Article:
Kansas City: America's Barbecue Capitol
Inside the pit at Arthur Bryant's
Note: I plan a major rewrite of this article with more detail and photos. I'll let you know in Smoke Signals when it is done.
Kansas City is Mecca for barbecue lovers. Barbecue is to KC what pizza is to Chicago. It's been years since I was there last, so I put together a road trip that took me there to judge at the Great American Barbecue cookoff with stops along the way in the growing Downstate Illinois wine region, St. Louis barbecue joints, and Hawgeye's Barbecue in Iowa on the way back.
I started at the National Restaurant Association show in Chicago at which I had a really informative chat with Stuart of Cookshack. Such a knowledgeable and candid fellow. He confirmed my conclusion that the electrics are best for large meats like shoulders and briskets. He cooks his ribs on a Fast Eddy (FEC) pellet smoker.
I then went downstate to Murphysboro, IL where I had lunch with Mike "The Legend" Mills at his 17th Street Bar and Grill. Mike is outgoing pres of the NBBQA and three time Memphis in May Grand Champ. He serves some excellent food and really knows his stuff. We were joined by a man with a BBQ joint in Australia! A lively afternoon of tales!
I hit a wine fest at Alto Vineyards. There are more than a dozen wineries in the hills of southern IL, and they make some nice wines. No threat to Napa yet, but good Vins de Pays. The star was Pomona Vineyards, all fruit wines. Best apple and strawberry wines I've ever tasted (and yes, I like fruit wines in the right context). Along the way I photographed the world's largest ketchup bottle in Collinsville, IL.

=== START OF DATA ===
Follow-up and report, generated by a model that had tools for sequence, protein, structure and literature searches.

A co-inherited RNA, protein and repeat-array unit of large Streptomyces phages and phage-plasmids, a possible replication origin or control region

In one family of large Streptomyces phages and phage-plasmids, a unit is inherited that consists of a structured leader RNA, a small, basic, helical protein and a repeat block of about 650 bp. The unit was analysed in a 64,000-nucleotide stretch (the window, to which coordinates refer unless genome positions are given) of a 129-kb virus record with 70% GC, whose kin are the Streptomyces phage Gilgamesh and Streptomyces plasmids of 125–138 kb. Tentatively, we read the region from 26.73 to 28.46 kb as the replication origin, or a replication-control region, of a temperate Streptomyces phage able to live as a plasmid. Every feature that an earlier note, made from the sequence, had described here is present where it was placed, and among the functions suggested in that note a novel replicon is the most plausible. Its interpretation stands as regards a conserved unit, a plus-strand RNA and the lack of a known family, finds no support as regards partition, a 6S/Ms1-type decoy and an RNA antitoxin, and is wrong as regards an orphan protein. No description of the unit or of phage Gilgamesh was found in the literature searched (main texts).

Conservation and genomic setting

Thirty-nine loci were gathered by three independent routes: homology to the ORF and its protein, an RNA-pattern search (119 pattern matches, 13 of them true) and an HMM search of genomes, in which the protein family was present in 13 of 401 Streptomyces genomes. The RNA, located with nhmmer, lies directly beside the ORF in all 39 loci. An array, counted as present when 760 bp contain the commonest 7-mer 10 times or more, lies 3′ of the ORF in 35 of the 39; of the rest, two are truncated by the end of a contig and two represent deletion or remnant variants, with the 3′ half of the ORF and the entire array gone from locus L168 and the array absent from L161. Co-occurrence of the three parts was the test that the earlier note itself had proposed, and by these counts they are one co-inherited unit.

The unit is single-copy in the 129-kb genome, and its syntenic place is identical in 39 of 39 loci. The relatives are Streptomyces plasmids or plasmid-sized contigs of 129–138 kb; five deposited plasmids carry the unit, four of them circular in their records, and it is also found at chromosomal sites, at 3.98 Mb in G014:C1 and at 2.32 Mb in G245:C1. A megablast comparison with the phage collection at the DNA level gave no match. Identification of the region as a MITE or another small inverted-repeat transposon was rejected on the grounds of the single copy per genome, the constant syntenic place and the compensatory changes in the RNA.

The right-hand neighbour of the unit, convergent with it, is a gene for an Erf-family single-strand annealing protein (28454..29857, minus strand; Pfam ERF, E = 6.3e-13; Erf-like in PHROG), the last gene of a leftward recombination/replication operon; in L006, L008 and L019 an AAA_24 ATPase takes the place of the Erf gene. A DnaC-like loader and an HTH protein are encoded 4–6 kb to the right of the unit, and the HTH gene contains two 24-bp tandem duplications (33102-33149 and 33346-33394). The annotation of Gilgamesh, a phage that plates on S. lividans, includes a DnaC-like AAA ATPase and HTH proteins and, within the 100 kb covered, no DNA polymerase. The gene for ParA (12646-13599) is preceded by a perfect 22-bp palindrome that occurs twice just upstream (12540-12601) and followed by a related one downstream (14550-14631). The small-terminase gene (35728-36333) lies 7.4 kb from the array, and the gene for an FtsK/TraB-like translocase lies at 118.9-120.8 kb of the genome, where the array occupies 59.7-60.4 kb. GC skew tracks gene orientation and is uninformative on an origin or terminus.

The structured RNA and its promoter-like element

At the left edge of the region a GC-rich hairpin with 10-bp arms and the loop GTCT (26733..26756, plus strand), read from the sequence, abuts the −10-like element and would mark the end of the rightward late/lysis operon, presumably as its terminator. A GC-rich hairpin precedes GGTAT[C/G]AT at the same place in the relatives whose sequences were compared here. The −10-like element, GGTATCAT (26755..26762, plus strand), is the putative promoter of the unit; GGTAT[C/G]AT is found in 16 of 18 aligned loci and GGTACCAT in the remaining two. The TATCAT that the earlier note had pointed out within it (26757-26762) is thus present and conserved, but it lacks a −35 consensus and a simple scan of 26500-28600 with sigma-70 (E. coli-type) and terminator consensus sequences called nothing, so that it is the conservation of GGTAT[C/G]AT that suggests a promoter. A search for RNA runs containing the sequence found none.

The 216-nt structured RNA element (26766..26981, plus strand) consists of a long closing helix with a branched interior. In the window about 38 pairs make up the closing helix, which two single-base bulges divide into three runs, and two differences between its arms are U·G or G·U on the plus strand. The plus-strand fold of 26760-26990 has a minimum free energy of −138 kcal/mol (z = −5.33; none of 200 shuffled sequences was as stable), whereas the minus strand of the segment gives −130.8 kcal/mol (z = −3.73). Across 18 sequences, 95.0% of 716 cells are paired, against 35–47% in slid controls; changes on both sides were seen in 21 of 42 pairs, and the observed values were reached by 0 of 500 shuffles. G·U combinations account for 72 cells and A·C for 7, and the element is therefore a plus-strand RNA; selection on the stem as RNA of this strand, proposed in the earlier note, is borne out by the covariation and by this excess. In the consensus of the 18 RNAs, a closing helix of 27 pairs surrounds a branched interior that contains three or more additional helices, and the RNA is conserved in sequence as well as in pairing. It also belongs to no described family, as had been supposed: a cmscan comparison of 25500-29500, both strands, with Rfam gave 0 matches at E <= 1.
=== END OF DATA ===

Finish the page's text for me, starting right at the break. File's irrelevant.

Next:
Then I hit Super Smokers in St. Louis. They use a FEC and made some of the best ribs I had on the trip. They used to have several locations but they're down to the original chicken barn. Got some nice pix of a 2 year old girl chowing on a bone.
In KC I hit Arthur Bryant's (they let me behind the counter to shoot - I'm proud of my shots there), and had lunch with Ardie Davis and Paul Kirk. They really know their stuff. Bryant's had a new mustard sauce that I much preferred over their original. The food was great and the feeling of being on hallowed ground was ethereal.
Then I hit Gates (shiny, corporate), LCs (slimy, gritty), BBs (Rockin' with live music), and Jack Stacks by the train station (elegant and upscale). All very different experiences, all good ribs, but sadly, not as good as you and I can make at home. I suppose that's because they have to make so many and hold them so long, that they are almost always overcooked by the time we get them. This is one case when home made is better than restaurant made.
Other highlights were: The friendly people at LCs who turned it into a communal experience with all the tables arguing about their favorite barbecue joints. The bluegrass and party atmosphere at BBs, the baked beans and cheesy corn at Jack's as well as the knowledgeable bartender.
Perhaps the best meal was the KC strip steak (BEEF!!!) at the Golden Ox, a classic steakhouse built on the site of the stockyards in 1949. Got some nice shots there too. I went there with Myron Mixon and his Jack's Old South (Vienna GA) cooking team. Now there's someone who can cook.
The Great American Barbecue is a good cookoff. Teams from across the nation and some fine Q. I had a chance to visit with some, including Ray Lampe (Dr. Barbecue) and Dave Klose of Klose Cookers. I took a balloon ride and got some aerial shots.
There were many more places I wanted to visit, but after judging at the Great American Barbecue, frankly I was sick of smoked meat. But not so smoked that I didn't make time to hit Hawgeyes in Alkeny and Claxon's in Altoona. Hawgeyes has a nice retail store with a great selection of hard to find rubs and sauces from across the nation.
You may want to look at the pix I took. I haven't had a chance to write detailed captions, but the titles tell you the place they were shot.
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